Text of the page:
A correspondent who sends his name and describes himself as devoted to service writes:
"Recently in your
reply to Shri Shankarrao Dev you have said : 'I have been saying for
some time that the words "truth and non-violence" should be removed
from the Congress constitution.'
"If this happens
in the existing circumstances, people will lose their faith in
Congress because they will feel that so long as it was not in power
it was thought best to adhere to truth and non-violence, but now
that power has come, it contemplates removing these words from the
constitution. They might even infer that the removal is being
resorted to in order to counter the Muslim League's threat of direct
"If these words
are eliminated from the constitution, Congress will fall from the
high pedestal which these means alone have secured for it. It will
lose in prestige. You have always said that you yourself cannot go
forward one step without truth and non-violence, and is it not their
adherence to these that makes the public think of Congressmen as
trustworthy, merciful, full of the spirit of service and bravery?
The tree must perish if its roots are destroyed. You must see to it
that the roots go deeper and deeper and are not eradicated.
"Therefore, I feel
that you should compel every Congressman to follow these principles
and if he refuses, he must leave the Congress.
How can I, the champion of Ahimsa, compel anyone to perform even a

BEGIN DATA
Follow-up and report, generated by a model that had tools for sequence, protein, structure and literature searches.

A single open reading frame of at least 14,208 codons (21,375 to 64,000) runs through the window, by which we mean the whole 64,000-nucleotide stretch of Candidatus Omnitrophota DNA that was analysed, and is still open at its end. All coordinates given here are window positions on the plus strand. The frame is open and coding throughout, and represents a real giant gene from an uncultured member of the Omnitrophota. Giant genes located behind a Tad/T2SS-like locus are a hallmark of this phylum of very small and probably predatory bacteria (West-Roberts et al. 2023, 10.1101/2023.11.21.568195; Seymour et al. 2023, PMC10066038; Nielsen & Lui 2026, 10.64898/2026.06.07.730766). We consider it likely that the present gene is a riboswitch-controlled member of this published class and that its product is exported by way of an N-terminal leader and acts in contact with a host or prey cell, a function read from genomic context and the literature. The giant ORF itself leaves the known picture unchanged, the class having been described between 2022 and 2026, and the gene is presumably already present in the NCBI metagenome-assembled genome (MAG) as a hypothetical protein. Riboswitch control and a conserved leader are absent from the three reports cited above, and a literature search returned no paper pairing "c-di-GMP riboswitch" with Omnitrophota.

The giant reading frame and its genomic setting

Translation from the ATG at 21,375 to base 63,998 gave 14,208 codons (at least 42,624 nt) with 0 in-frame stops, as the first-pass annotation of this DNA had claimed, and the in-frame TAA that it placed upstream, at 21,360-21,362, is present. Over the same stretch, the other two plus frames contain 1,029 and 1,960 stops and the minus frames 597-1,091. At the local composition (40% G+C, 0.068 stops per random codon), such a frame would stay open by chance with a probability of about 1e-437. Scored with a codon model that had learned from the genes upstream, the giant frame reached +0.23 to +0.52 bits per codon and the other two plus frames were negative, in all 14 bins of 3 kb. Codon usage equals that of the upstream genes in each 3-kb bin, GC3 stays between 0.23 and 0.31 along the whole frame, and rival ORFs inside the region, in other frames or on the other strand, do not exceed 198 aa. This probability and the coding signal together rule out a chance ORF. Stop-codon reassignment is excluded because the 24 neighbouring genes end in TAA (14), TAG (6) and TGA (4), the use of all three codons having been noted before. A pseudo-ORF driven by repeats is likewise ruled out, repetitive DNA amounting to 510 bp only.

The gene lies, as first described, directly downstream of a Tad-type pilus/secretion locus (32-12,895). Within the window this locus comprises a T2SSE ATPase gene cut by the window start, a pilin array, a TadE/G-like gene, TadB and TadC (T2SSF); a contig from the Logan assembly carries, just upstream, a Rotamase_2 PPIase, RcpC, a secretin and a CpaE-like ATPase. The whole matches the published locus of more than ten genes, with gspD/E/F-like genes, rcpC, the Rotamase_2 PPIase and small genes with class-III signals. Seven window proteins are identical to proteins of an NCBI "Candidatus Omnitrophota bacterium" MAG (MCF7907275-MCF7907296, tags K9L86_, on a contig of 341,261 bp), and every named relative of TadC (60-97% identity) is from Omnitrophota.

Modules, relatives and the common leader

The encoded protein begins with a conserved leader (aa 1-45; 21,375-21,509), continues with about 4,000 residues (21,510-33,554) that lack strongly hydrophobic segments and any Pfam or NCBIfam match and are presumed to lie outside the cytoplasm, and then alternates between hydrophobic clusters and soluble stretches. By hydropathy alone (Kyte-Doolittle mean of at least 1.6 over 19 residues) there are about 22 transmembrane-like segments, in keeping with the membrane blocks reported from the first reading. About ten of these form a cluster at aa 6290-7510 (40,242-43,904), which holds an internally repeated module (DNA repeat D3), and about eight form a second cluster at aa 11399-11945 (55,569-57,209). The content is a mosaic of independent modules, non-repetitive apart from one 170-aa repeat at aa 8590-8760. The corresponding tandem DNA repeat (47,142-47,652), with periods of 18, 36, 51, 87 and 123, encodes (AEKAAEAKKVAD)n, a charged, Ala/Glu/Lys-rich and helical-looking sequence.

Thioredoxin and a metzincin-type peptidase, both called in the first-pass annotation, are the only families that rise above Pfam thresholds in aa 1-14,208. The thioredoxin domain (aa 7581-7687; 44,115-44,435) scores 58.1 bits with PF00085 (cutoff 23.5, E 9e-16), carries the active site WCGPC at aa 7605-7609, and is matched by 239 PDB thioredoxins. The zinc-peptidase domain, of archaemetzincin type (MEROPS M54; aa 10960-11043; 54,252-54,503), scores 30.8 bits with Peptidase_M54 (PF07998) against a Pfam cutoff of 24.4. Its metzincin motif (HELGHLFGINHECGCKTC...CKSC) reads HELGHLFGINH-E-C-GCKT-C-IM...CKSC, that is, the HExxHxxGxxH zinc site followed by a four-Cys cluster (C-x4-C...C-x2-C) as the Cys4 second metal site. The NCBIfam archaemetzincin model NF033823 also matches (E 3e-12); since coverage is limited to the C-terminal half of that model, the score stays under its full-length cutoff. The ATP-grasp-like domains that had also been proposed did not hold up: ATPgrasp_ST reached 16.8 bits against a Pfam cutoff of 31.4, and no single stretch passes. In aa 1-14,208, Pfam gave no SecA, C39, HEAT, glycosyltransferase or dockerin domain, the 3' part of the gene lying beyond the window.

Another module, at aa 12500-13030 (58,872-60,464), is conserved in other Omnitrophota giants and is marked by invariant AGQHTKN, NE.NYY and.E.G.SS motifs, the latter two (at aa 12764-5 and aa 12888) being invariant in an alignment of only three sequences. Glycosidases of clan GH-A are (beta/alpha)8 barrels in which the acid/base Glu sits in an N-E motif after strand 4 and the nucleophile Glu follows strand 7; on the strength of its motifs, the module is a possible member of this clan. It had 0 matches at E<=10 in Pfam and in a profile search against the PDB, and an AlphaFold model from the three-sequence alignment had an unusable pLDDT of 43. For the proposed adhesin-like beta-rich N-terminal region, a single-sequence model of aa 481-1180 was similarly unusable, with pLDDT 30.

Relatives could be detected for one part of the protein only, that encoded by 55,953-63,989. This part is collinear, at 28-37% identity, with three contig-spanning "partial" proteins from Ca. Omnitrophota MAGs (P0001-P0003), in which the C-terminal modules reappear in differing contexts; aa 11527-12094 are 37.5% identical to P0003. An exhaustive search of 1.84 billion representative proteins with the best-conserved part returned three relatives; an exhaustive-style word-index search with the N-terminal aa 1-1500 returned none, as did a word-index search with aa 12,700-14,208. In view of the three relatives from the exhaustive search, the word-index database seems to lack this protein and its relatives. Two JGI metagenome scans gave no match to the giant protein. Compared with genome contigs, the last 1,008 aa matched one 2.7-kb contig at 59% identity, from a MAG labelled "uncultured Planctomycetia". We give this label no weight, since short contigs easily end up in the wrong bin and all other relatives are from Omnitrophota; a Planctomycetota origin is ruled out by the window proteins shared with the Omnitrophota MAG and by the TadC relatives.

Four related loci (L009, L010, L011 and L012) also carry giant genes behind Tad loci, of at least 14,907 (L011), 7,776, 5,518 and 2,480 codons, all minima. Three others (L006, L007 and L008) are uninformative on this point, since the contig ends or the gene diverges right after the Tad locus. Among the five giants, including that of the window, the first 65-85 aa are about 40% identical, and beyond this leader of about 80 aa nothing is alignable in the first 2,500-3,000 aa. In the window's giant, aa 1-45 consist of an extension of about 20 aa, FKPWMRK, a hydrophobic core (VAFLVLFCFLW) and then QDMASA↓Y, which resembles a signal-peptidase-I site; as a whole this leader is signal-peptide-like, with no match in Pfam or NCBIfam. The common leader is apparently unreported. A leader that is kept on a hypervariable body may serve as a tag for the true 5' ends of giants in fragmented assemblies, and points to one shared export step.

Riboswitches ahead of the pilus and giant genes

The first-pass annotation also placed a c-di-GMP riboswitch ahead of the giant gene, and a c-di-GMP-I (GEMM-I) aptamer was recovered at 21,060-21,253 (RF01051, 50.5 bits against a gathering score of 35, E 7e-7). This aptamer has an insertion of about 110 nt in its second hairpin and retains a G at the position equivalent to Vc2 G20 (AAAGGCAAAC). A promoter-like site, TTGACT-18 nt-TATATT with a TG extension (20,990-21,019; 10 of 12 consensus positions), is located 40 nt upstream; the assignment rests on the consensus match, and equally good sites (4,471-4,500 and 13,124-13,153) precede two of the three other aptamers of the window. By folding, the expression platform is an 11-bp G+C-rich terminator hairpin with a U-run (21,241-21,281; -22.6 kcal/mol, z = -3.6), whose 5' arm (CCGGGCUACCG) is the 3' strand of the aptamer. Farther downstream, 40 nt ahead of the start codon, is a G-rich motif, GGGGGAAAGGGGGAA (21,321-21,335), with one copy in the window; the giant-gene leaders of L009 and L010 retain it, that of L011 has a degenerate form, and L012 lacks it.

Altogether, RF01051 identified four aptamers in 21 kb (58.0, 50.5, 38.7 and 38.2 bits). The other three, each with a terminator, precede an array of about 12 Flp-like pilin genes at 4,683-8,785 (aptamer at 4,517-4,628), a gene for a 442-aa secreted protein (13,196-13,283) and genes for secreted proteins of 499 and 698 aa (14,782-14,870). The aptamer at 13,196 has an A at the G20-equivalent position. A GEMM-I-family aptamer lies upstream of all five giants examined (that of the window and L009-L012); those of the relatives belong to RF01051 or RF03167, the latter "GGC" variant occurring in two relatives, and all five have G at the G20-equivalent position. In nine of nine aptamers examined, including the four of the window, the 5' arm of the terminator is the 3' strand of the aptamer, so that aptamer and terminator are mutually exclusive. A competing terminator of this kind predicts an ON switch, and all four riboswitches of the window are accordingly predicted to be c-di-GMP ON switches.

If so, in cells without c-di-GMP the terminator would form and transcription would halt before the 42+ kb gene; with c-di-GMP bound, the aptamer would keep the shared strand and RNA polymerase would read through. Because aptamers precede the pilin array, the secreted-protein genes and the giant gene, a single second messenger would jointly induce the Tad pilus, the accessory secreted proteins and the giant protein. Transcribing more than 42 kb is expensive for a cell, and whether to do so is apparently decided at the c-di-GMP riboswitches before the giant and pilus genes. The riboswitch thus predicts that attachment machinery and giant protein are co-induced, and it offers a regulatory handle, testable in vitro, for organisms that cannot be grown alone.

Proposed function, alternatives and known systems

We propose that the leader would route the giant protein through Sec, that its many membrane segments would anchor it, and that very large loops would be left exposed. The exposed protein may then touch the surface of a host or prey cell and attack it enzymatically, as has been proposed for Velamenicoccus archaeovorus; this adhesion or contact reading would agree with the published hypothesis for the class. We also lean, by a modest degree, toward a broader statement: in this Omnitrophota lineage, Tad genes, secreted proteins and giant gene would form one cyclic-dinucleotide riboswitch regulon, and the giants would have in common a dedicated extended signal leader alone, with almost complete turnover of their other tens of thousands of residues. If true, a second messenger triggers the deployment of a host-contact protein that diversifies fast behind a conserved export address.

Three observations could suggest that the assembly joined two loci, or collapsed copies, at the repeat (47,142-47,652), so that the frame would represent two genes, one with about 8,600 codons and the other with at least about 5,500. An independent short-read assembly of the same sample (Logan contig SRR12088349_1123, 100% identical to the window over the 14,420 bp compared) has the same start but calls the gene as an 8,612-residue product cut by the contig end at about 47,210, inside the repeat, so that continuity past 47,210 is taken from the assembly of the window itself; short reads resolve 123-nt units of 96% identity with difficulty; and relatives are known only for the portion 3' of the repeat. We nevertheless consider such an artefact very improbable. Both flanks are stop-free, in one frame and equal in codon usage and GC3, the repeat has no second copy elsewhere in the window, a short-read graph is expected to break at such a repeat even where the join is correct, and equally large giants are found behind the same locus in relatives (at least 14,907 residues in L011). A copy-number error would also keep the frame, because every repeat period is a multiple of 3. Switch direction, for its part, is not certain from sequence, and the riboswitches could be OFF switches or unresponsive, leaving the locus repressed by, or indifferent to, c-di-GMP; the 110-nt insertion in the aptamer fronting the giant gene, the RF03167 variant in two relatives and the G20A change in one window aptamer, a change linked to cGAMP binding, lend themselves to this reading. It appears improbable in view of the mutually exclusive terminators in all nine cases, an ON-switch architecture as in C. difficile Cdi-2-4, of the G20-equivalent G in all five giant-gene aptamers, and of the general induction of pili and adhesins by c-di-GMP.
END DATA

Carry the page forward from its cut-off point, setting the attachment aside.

good act? Has not a well-known Englishman said that to make mistakes
as a free man is better than being in bondage in order to avoid
them? I believe in the truth of this. The reason is obvious. The
mind of a man who remains good under compulsion cannot improve, in
fact it worsens. And when compulsion is removed all the defects well
up to the surface with even greater force.
Moreover, no one should be a dictator. Even the Congress cannot
force its members to follow truth and nonviolence. These have to be
accepted willingly from the heart.
I have been recommending the elimination of these words from the
constitution for over a year, long before the Muslim League
contemplated direct action which makes no bones about Himsa or
Ahimsa. Thus my recommendation has no connection with the League's
resolution. But I have no help for those who invariably attribute
sinister motives to my words.
I have strong grounds for my recommendation. Congress may not cover
untruth and violence under the guise of truth and non-violence. Is
not this an all-sufficing reason ? If Congressmen were no
hypocrites, nothing could be better than that Congress should adhere
to these two pillars.
I could never wish the Congress, the moment it comes into power, to
discard the very ladder by which it has climbed so high. I believe
that if Congressmen, while in power, renounce truth and
non-violence, the lustre surrounding the Congress will grow dim.
We must all guard against one mistake. There is no rule against
following what is not in the constitution. Indeed my hope is that
when these words are removed, all or a large majority of Congressmen
will heartily follow truth and non-violence even to the point of
The writer has forgotten to mention one thing which I should like to
clarify. The words in the constitution are 'peaceful and
legitimate'. I have no right to interpret them as truthful and
non-violent, if they don't bear that meaning. Congress has adopted
them as a policy, not as a creed. The question of my right to retain
or eliminate them does not arise. But whilst it lasts, policy is
tantamount to creed and hence becomes obligatory. Of course, my
recommendation has no meaning if 'peaceful' can be interpreted as
violent and 'legitimate' as untruthful.
New Delhi, 21-9-'46